Governments, employers, player associations as well as sports bodies should promote all forms of social dialogue, including collective bargaining, to improve working conditions for professional athletes worldwide. That is the main conclusion of the first forum on Decent Work in Sport organized by the International Labour Organization (ILO).
During a three-day landmark meeting for the sport industry held at the ILO office in Geneva, the tripartite body composed of representatives from governments, employers and workers debated on decent work conditions in sport.
FIFPRO General Secretary Jonas Baer-Hoffmann acted as spokesperson of the delegation of player unions under the umbrella of the World Players Association, which amongst others included the International Rugby Players, the Federation of International Cricketers’ Association and EU Athletes.
Sports governing bodies including FIFA, UEFA and the International Olympic Committee (IOC) attended the forum as observers.
The dialogue resulted in the adoption of “Points of Consensus”, which includes a list of recommendations on actions to be taken jointly by the stakeholders and the ILO.
The forum underlined in particular that professional athletes are workers and that having free, independent and player driven unions is a key condition for an effective social dialogue and collective agreements.
The forum recommends that all parties involved should create an “enabling” environment by:
- Generating equal opportunities for all and equal working conditions for female athletes;
- Protecting athletes from violence, racism, abuse and discrimination;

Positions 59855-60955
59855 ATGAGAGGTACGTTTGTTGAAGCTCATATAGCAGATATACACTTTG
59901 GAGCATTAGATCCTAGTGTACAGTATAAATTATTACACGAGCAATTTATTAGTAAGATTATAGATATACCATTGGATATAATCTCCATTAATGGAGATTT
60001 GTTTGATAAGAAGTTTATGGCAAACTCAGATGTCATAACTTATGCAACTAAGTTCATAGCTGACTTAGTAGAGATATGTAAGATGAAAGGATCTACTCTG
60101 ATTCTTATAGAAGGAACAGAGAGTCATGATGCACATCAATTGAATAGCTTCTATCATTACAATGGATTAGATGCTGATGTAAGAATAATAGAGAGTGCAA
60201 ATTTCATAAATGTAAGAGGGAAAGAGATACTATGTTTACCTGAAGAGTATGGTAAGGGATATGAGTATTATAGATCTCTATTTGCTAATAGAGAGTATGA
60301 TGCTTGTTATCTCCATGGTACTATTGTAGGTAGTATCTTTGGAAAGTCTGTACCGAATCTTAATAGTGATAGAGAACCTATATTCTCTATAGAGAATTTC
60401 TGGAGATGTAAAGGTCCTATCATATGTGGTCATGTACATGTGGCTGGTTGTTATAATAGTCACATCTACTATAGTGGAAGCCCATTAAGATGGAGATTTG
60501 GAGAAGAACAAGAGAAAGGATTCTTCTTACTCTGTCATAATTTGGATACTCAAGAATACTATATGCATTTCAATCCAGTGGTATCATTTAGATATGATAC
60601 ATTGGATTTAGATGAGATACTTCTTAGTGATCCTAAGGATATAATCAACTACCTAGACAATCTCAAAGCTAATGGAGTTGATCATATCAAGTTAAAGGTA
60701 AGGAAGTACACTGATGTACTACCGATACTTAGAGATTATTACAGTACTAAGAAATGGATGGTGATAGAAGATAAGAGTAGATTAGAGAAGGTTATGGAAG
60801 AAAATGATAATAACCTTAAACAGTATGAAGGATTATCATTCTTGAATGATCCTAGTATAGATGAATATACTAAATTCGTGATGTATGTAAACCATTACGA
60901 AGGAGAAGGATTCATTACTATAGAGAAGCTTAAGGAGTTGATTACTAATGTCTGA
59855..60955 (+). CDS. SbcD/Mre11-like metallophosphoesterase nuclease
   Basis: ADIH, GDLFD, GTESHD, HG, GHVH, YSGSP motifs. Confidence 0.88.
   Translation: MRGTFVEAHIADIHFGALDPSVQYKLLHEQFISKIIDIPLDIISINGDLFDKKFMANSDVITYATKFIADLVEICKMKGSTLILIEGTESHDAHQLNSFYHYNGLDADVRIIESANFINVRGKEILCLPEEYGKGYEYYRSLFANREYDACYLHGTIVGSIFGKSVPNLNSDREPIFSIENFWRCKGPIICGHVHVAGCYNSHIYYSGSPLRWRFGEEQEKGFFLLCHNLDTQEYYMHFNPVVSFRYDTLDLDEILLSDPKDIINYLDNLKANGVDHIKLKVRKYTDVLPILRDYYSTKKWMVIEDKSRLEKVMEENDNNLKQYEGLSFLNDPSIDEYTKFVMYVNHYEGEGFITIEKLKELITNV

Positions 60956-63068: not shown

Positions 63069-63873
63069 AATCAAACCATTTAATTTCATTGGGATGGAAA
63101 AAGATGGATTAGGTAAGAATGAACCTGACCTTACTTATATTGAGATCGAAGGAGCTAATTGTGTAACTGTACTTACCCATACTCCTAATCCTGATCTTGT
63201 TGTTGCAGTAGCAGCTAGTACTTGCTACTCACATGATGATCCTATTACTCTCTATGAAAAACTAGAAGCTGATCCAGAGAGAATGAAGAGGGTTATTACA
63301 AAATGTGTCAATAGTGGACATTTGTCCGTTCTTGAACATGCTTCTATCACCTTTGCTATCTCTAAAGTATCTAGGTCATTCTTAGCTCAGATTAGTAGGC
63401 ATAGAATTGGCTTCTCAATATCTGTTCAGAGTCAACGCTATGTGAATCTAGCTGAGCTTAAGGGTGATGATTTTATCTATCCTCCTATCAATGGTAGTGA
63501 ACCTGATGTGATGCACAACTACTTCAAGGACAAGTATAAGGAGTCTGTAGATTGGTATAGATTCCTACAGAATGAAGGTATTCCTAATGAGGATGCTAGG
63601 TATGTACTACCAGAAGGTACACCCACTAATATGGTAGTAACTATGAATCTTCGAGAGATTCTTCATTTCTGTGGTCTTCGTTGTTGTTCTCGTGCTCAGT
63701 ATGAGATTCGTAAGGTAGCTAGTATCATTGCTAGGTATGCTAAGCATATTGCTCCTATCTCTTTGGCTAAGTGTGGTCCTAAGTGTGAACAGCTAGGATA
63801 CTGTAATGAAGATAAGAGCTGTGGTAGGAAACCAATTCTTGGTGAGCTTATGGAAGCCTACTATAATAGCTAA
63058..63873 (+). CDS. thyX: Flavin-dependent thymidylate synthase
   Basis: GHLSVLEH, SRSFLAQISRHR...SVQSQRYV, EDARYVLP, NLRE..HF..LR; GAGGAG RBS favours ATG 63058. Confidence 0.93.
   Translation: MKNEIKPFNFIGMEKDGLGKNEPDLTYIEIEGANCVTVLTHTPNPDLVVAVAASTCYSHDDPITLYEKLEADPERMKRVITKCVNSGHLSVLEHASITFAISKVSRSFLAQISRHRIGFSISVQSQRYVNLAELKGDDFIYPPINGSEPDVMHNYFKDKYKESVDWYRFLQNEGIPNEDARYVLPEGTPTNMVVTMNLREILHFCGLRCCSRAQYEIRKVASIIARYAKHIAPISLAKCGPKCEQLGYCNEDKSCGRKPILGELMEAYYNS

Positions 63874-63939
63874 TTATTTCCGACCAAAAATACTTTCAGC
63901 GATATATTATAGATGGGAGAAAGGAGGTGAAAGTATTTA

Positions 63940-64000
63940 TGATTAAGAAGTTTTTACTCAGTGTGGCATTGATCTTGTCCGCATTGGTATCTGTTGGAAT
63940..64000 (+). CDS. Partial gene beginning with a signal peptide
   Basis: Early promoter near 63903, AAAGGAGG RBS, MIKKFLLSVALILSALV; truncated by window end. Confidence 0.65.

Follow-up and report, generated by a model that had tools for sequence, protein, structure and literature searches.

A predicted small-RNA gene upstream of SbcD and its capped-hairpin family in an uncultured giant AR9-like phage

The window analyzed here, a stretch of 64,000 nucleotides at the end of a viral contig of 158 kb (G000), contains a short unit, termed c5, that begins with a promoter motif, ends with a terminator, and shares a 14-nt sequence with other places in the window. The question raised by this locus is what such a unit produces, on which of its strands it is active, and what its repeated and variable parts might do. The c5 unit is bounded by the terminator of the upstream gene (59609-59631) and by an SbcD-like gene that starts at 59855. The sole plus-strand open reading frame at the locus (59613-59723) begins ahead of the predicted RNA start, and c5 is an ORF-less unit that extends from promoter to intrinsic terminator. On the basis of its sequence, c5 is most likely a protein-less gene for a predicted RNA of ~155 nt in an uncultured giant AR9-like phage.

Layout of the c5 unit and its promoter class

- Developing personal development and learning programmes;
- Ensuring safety and health;
- Enforcing law and practice and creating social protection coverage;
- Safeguarding the rights of children and young people to participate in sports in conditions of freedom, dignity and safety.
“It’s time for the global sports industry to recognise that collective agreements and social dialogue between athletes and employers provide the best means to bring stability to changing labour markets in the world of sport,” said FIFPRO General Secretary Baer-Hoffman, who is also a Vice President of the World Players Association.
“The points of consensus outlined by the ILO need to lead to practical actions to strengthen fair and decent working conditions for athletes who operate in a competitive and high-pressure environment.”
FIFPRO Vice President Geremi Njitap added that players deserve the same protections as every working person. “All too often, players are victims of serious abuses of worker rights including poor and late pay, unsafe work, sexual abuse, gender-based discrimination and racial vilification. Yet when players organize and collectively bargain at national, regional and international level their sports have grown on and off the field enabling playing careers to flourish.”